KUDOS TO GERMANY’S spooks. Back in December 2015, the German foreign intelligence agency, BND, distributed a one-and-a-half-page memo to various media outlets titled: “Saudi Arabia — Sunni regional power torn between foreign policy paradigm change and domestic policy consolidation.” The document was pretty astonishing, both in its undiplomatic bluntness and remarkable prescience.
“The current cautious diplomatic stance of senior members of the Saudi royal family will be replaced by an impulsive intervention policy,” the memo warned, focusing on the role of Mohammed bin Salman, who had been appointed as deputy crown prince and defense minister at the age of 30 earlier that year.
Both MBS, as he has come to be known, and his elderly father King Salman, the BND analysts wrote, want Saudi Arabia to be seen as “the leader of the Arab world” with a foreign policy built on “a strong military component.” Yet the memo also pointed out that the consolidation of so much power in a single young prince’s hands “harbors a latent risk that in seeking to establish himself in the line of succession in his father’s lifetime, he may overreach,” adding: “Relations with friendly and above all allied countries in the region could be overstretched.”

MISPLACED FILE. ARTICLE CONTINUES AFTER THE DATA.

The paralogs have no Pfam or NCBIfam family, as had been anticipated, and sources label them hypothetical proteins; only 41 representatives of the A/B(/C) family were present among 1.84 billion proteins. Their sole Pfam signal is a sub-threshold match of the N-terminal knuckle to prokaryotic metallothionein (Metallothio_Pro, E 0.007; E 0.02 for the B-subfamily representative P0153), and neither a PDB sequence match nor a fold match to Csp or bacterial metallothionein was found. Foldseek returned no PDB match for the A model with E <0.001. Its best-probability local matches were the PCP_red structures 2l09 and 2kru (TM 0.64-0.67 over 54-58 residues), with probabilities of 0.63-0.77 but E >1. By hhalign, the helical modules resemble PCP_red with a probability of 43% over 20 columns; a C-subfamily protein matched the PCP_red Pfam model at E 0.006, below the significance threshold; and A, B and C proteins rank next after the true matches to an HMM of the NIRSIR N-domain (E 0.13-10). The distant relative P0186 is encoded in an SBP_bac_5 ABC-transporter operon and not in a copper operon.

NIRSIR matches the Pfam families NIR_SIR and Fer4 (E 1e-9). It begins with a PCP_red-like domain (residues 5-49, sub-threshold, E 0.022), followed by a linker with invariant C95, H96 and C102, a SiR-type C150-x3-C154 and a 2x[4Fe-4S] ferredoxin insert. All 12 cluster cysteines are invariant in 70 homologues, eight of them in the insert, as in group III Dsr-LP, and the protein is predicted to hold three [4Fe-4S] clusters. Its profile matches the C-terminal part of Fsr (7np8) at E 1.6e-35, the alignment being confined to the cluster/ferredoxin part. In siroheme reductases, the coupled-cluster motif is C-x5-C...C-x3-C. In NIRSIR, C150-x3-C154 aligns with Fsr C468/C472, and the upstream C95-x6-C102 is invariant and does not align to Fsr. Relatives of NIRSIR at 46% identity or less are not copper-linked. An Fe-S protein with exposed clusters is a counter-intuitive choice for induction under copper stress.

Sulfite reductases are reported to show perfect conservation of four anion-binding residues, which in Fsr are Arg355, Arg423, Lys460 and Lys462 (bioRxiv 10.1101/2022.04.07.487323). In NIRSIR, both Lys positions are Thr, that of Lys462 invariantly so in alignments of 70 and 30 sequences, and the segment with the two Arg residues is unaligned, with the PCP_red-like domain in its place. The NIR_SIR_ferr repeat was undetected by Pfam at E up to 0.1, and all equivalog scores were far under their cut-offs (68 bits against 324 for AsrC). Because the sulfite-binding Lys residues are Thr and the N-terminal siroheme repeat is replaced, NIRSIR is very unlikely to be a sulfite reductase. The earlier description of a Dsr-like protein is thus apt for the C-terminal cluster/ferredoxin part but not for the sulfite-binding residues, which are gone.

And so it has come to pass. In fact, despite being repudiated at the time by a German government more concerned about diplomatic and commercial relations with Riyadh, the BND warning turned out to be eerily prophetic.
Consider recent events in the Gulf. Can you get more “impulsive” than rounding up 11 fellow princes, including one of the world’s richest menand the commander of the national guard, and holding them at the Ritz Carlton on charges of corruption?
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